The Pennsylvania Department of Health announced Monday it has updated its policies for handling complaints related to Marcellus Shale drilling. All those who file a complaint with the department's Bureau of Epidemiology will now receive a letter acknowledging their concerns and outlining the agency's findings.
(Washington Post)
Maryland's latest report on the impact of proposed natural gas exploration in the western part of the state said drilling could pose a threat to air quality and workers in a region that is ecologically pristine. But the report, presented to a state commission Monday, said the process called hydraulic fracturing would pose little threat of earthquakes, which were triggered recently in central Oklahoma by gas-drilling operations, according to researchers, and are of concern to environmentalists.
(News Observer)
Hundreds of residents will try to sway state officials for and against 100-plus proposed safety rules in the coming weeks as North Carolina gets set to lift the state's moratorium on fracking next year. With four upcoming public hearings across the state, the N.C. Mining and Energy Commission enters its final phase of rule-making, a culmination of two years of research, discussion and compromise. After public comments are analyzed, the fracking rules could be modified and will advance to the state legislature in January.
(The Globe and Mail)
The B.C. government has ordered independent investigations into the spill at the Mount Polley mine and at every other tailings pond in the province, saying the disaster has shaken public confidence and threatens to undermine other resource-sector projects as well.
(Guardian)
The U.K. government is lobbying the European commission (EC) to keep open one of Europe's dirtiest coal power stations, even though its nitrogen oxide (NOx) emissions exceed new legal limits by five times. The EC has begun infraction proceedings against the U.K. because its proposals for reducing emissions under new European laws have been littered with "inconsistent or missing" data.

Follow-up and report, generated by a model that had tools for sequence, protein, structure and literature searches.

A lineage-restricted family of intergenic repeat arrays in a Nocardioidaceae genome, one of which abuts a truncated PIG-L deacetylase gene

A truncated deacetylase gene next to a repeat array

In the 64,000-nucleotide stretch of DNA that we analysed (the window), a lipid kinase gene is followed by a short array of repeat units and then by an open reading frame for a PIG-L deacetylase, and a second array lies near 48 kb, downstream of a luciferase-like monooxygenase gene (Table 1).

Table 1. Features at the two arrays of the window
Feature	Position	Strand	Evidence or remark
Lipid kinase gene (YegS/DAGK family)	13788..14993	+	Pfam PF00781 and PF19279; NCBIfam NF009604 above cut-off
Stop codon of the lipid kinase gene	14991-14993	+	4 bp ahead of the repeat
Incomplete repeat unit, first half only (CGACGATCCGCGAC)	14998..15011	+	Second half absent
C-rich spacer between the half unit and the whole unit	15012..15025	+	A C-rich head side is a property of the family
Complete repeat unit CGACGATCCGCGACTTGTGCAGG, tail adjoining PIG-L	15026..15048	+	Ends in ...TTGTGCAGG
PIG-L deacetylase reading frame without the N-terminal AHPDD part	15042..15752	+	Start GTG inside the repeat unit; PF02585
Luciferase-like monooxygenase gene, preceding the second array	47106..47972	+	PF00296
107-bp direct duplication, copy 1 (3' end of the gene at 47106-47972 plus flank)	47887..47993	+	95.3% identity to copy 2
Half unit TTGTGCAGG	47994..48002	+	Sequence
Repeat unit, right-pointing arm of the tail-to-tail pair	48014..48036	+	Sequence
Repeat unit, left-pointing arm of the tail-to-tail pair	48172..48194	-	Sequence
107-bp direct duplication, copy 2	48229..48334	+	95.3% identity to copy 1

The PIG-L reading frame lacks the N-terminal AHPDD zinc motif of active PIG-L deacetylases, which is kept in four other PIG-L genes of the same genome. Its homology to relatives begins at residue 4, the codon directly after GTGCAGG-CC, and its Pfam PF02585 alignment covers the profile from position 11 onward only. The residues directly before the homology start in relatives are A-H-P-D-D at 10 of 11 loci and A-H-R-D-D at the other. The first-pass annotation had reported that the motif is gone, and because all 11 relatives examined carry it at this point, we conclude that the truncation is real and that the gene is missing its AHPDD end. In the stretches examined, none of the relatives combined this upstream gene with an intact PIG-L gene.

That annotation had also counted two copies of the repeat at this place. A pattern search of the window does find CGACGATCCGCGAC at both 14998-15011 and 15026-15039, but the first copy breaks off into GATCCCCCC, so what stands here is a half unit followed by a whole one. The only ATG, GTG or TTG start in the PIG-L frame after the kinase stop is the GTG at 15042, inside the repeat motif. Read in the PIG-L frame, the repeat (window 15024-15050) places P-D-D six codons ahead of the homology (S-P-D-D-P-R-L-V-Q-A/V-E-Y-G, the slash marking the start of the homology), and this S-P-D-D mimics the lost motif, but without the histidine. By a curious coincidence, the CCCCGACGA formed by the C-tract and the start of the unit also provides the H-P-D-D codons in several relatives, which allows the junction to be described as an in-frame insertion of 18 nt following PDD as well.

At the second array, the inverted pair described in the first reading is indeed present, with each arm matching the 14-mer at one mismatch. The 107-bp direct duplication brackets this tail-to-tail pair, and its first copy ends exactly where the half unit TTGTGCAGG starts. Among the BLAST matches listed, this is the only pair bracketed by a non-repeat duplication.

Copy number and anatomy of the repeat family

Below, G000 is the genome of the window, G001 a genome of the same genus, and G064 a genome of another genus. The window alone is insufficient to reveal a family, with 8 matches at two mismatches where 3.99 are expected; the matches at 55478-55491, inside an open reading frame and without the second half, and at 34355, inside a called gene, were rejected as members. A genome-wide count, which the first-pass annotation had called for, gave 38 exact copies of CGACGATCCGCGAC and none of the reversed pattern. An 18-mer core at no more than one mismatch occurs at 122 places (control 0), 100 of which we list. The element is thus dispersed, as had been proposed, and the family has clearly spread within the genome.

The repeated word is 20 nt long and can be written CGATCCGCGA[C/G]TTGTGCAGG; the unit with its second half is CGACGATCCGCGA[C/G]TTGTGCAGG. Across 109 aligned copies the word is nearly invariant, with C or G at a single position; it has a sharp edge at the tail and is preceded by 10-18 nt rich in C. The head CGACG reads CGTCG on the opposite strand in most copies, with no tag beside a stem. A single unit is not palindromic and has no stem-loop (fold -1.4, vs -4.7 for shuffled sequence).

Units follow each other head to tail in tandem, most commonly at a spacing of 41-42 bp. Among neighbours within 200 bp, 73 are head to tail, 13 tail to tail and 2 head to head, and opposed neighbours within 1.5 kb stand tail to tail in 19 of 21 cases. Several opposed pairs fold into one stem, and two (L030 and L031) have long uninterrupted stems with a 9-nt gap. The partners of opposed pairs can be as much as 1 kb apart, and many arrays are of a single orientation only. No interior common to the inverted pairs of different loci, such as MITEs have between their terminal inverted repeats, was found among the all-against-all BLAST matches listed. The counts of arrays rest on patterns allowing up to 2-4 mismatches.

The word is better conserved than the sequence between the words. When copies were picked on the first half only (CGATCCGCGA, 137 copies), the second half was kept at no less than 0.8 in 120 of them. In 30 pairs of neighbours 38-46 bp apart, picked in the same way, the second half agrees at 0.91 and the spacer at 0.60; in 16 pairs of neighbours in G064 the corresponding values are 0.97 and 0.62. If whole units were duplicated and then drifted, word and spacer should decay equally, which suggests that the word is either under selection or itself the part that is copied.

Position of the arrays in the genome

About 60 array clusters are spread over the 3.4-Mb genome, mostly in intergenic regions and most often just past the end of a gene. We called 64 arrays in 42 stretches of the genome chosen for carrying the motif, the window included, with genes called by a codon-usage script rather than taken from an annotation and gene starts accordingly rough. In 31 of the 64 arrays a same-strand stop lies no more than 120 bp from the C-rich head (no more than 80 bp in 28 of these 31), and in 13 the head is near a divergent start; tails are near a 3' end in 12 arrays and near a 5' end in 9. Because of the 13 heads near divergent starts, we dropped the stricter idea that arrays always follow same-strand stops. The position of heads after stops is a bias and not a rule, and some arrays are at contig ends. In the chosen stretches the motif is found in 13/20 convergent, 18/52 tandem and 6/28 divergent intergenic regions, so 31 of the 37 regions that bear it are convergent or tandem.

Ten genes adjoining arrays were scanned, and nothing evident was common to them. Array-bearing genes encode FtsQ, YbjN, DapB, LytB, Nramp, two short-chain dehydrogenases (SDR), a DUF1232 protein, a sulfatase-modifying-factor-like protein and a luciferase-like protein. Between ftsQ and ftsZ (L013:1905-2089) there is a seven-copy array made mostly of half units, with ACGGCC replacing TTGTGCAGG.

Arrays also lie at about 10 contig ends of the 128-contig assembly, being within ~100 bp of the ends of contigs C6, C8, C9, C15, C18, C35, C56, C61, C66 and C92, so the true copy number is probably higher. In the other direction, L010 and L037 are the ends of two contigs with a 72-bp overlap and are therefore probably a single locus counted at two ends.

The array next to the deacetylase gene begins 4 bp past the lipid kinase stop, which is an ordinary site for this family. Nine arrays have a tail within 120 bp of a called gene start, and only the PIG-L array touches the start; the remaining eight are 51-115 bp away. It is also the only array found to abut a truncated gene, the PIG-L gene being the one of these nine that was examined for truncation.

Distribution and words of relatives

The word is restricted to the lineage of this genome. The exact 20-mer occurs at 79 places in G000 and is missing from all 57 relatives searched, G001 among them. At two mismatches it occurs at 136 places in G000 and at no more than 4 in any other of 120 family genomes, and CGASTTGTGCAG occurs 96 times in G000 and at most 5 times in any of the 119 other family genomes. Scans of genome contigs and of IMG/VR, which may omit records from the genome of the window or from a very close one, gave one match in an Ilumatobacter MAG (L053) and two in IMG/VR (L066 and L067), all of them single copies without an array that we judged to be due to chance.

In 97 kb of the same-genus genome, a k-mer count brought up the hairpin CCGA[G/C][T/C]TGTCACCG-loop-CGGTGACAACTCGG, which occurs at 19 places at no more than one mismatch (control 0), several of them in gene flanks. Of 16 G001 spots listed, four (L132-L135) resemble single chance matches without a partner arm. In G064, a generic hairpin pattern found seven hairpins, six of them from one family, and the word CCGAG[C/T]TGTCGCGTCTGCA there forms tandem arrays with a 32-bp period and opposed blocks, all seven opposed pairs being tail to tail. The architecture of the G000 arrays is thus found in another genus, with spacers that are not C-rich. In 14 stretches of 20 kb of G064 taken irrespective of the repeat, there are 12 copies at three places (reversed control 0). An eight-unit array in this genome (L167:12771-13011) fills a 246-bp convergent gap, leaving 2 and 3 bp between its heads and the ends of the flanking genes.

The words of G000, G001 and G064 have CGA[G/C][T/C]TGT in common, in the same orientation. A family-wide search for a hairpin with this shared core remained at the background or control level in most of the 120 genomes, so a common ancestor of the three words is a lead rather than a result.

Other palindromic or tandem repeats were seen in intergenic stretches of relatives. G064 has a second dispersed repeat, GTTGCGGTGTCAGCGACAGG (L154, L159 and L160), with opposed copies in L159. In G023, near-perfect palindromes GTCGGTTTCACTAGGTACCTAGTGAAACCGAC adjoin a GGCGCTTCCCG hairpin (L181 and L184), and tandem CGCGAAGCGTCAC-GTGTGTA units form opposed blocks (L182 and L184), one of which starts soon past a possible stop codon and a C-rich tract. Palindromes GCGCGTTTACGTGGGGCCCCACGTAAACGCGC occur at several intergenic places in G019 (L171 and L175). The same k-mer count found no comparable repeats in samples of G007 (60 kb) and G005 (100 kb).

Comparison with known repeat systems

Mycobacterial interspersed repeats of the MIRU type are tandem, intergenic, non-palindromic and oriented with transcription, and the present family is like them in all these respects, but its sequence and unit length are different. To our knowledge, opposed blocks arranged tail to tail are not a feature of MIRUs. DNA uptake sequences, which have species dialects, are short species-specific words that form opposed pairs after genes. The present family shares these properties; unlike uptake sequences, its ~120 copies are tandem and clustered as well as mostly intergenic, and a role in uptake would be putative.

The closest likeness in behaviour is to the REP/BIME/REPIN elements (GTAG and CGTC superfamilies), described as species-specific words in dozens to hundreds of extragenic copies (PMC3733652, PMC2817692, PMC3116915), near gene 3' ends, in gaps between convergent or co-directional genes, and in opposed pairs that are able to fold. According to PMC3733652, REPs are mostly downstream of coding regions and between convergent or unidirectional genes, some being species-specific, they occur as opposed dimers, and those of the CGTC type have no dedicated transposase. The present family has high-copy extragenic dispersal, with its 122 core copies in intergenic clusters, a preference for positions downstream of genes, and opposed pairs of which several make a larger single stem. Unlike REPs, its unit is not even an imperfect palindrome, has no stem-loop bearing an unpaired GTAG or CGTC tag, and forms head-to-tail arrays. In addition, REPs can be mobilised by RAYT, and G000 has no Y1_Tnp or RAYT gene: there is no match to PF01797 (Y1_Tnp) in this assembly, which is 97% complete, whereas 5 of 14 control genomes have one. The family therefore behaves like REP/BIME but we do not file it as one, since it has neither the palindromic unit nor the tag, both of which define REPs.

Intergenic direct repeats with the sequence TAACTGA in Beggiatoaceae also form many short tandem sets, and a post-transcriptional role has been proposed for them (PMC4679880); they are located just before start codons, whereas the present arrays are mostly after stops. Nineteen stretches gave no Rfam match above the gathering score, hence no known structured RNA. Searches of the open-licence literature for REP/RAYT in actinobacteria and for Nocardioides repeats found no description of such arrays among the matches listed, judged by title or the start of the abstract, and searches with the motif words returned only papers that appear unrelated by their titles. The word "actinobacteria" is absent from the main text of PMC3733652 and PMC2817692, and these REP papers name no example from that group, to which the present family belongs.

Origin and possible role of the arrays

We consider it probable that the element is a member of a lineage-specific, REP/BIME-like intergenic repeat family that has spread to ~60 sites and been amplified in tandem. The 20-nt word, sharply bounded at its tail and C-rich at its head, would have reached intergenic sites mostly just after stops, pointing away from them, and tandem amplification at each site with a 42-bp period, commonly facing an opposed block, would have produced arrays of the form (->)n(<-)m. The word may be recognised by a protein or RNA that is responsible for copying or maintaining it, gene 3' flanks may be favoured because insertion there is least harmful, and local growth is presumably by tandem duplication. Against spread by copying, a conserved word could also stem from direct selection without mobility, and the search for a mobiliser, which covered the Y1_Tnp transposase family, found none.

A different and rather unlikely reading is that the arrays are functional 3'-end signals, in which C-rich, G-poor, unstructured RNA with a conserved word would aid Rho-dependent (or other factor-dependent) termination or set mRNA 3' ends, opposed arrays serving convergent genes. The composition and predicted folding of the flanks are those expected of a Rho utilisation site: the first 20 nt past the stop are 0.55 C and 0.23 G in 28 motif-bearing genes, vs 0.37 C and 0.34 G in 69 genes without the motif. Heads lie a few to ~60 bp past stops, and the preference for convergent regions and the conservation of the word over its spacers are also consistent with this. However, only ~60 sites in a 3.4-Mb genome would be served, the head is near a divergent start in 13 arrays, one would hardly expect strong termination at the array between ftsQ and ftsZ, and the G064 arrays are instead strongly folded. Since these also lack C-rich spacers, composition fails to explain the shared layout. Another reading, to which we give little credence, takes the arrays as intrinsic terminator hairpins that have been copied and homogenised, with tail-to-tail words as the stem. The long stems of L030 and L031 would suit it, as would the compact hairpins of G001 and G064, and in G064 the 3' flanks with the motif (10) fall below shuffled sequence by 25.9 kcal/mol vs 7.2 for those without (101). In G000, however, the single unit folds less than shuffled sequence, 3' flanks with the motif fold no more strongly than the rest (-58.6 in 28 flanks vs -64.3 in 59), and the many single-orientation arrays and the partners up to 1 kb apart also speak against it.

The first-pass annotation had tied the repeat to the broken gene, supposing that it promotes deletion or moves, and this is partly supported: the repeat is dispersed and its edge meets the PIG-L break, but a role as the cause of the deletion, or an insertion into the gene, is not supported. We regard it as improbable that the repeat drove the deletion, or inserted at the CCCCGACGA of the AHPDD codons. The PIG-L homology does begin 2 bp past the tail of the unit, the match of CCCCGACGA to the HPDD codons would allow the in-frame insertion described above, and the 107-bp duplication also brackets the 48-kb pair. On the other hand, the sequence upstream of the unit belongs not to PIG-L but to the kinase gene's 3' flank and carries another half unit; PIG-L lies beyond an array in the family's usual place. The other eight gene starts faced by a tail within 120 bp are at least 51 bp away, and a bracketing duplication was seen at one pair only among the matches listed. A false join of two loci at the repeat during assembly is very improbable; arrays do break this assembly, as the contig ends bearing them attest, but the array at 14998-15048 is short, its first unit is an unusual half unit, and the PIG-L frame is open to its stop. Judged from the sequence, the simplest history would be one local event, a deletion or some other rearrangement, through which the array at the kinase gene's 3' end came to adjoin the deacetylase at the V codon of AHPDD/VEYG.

(Fuel Fix)
The best way to protect the greater sage grouse while keeping drill bits turning in Western states is for environmentalists and oil companies to work together on safeguarding the bird's habitat, conservationists said Monday.

August 18, 2014

(Bloomberg BNA)
In stark contrast to their party's public stance on Capitol Hill, many Republicans privately acknowledge the scientific consensus that human activity is at least partially responsible for climate change and recognize the need to address the problem. However, they see little political benefit to speaking out on the issue, since congressional action is probably years away, according to former congressmen, former congressional aides and other sources.
(Fuel Fix)
The Obama administration is closer than ever to imposing the first minimum standards for oil and gas activity in U.S. Arctic waters, as Shell pursues permits that could allow it to resume drilling in the region next year. The Interior Department sent a draft of those Arctic regulations to the Office of Management and Budget on Friday, marking the launch of an interagency review process that typically spans months. The rule’s arrival at OMB was disclosed online by Sunday evening.
(The Globe and Mail)
About 200 kilometers before an ill-fated oil train was left idling on the main track near Lac-Mégantic, Que., Transport Canada conducted a routine inspection and allowed it to proceed. The train carried on through Quebec, carting 72 tank cars of crude bound for the Irving Oil refinery in Saint John.
(Guardian)
Anti-fracking protesters have superglued themselves to the doors at the main entrance of the Department for Environment, Food and Rural Affairs (Defra). A related protest is also underway at the offices of iGas, the U.K.'s biggest shale gas company, which has seen two entrances blockaded by campaigners.